Author Archives: Barbara

About Barbara

A small town girl trying to make a difference in my children's lives, my community, my business and myself. I am always writing a story in my head. One of my favorite quotes: "The question isn't who is going to let me; it's who is going to stop me." Ayn Rand

The Fair

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The Fair

I’m so proud to share this from THEKITCHENSGARDEN… Cecilia captures in photographs and words what makes our ‘small town’ so special… Barbara

thekitchensgarden

Every year our little local town, a small town with a big heart, hosts a local fair. show-032

The Fair has been going on for more than 160 years now.  The side shows are deliciously gaudy and the food is inedible on the street,  but that is what it is all about and there is a whole hall filled with pickles and cakes and breads and vegetables for the judging ( I hope to visit them tomorrow) , but there is a charm and deep local presence that makes this a very special day.  show-015The people who show their animals with such pride are also nodding with gratitude to a fecund  past filled with glory and vigor.  There is an iron clad connection straight back through almost 200 years of the very same event.  This is where small town America will not give up.  It has taken a beating but refuses to lie down…

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A Cullom Tradition

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Some more Cullom history…

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The headline of an 'Extra' Edition of the Cullom Paper June 3, 1933

The headline of an ‘Extra’ Edition of the Cullom Paper June 3, 1933

The following paragraphs are a condensation of material from that edition. Taken from the Cullom Centennial A Century of Memories, published in 1982.

Cullom experienced the wildest morning in its history on Saturday about 9:30 AM, June 3, 1933 when armed men estimated to be between five and ten in number, invaded the town and robbed The First National Bank and the Farmers State Bank of $6,000.

They entered the Farmers State Bank, held a gun to Howard Raboin’s ribs and demanded money, which he promptly gave them.  Cashier John Raboin and customers Agga Haren <my great-grandfather>, Frank Baker, Harm Frieden and Fred Harms were made to lie on the floor.  Young Harold Raboin was also in the bank at the time but no one was hurt there.

At the First National Bank they ran into a little more difficulty as the bank guards were present so they took William Kiley, cashier, and Wesley Shearer, assistant cashier, as hostages to protect themselves from bullets from the guards and other citizens that appeared on the scene.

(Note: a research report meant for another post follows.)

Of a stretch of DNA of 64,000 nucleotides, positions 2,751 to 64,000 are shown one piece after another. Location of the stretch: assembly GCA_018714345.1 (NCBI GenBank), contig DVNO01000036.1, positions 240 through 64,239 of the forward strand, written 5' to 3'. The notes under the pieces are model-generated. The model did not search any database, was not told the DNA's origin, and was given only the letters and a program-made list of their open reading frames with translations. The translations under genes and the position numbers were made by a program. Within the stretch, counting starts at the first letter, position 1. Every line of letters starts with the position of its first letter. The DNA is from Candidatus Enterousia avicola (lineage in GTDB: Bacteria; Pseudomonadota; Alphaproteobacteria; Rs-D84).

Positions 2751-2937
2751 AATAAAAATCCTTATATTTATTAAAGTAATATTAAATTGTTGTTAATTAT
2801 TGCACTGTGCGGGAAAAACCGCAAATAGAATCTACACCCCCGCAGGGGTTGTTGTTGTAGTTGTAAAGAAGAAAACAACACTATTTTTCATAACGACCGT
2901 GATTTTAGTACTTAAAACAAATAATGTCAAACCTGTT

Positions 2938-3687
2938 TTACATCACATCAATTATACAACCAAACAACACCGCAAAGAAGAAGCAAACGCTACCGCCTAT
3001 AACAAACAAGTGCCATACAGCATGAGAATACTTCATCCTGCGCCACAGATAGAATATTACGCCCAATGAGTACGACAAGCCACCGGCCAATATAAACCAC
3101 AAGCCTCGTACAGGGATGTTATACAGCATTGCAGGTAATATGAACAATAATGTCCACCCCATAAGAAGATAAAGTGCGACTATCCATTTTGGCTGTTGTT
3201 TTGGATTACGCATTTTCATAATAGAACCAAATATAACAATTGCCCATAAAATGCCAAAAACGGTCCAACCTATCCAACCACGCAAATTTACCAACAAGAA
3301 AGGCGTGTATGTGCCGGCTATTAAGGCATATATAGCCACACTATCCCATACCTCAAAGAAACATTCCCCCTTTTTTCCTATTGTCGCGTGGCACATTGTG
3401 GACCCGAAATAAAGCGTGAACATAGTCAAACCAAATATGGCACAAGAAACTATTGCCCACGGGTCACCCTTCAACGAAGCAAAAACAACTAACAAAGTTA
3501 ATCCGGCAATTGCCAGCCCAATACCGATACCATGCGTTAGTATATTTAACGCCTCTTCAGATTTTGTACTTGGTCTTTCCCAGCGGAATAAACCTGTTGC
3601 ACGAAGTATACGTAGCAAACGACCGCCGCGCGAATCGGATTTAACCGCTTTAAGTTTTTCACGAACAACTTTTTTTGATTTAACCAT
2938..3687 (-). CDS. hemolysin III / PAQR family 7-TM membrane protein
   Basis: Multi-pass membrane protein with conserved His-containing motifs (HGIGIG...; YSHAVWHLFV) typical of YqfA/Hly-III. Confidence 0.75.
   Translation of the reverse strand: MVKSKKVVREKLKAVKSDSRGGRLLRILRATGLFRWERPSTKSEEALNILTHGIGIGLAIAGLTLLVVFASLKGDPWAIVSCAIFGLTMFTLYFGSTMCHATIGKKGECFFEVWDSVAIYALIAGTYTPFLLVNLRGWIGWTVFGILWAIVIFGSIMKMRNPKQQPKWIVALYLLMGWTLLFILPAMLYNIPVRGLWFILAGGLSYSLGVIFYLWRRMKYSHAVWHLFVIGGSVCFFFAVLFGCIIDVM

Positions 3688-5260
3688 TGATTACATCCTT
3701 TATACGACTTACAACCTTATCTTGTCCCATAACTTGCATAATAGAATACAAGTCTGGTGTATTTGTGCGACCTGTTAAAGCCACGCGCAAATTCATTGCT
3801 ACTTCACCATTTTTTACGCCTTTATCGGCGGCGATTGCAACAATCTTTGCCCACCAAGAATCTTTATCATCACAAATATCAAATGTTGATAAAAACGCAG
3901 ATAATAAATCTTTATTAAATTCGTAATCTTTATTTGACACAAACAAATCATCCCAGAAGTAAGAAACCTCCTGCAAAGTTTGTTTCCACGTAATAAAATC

In the bank at the time of the holdup besides the cashier were Dale Wise and John L Shearer, president of the bank  He said one of the gangsters had a revolver and another had an automatic.

Mr. Kiley and Mr Shearer were released from the car one and a half miles west of town and were picked up by Charles Berberick who returned them to Cullom in a short while.

A new Chevrolet car owned by Professor O.H. Roll, was taken by the bandits for their get-away.  They broke out the rear window of the car and shoved a machine gun through it to protect themselves.  Mr. Roll met the men in the car parked at the village hall but thought they were someone wanting to rent the hall.  The other car was parked near the Cullom Co-op Grain Office.

The gangsters also shot bullets around the main part of the business district hitting Frank Kopp in the leg and Doris Coash in the head. One bullet went through the window of the dental office and another went through a window in the flat occupied by the Earnest Hack family, missing Mrs. Hack by about a foot.  Another bullet crashed through the post office.  Veteran service man and postmaster Fred Flessner shot at them and thought he might have wounded one.  They were also said to have shot at Mrs. Charles Woodswest of the business district as they were leaving town.

An elderly man with poor eyesight sat complacently on a bench and was not bothered.  He remarked, “They are shooting firecrackers off early this year.”

The posse was called from Saunemin, they drove at breakneck speed (75 mph) to go after the desperados.

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Cullom Chronicle June 3, 1933

 You have to love the colorful reporting!

Later,,,

Barbara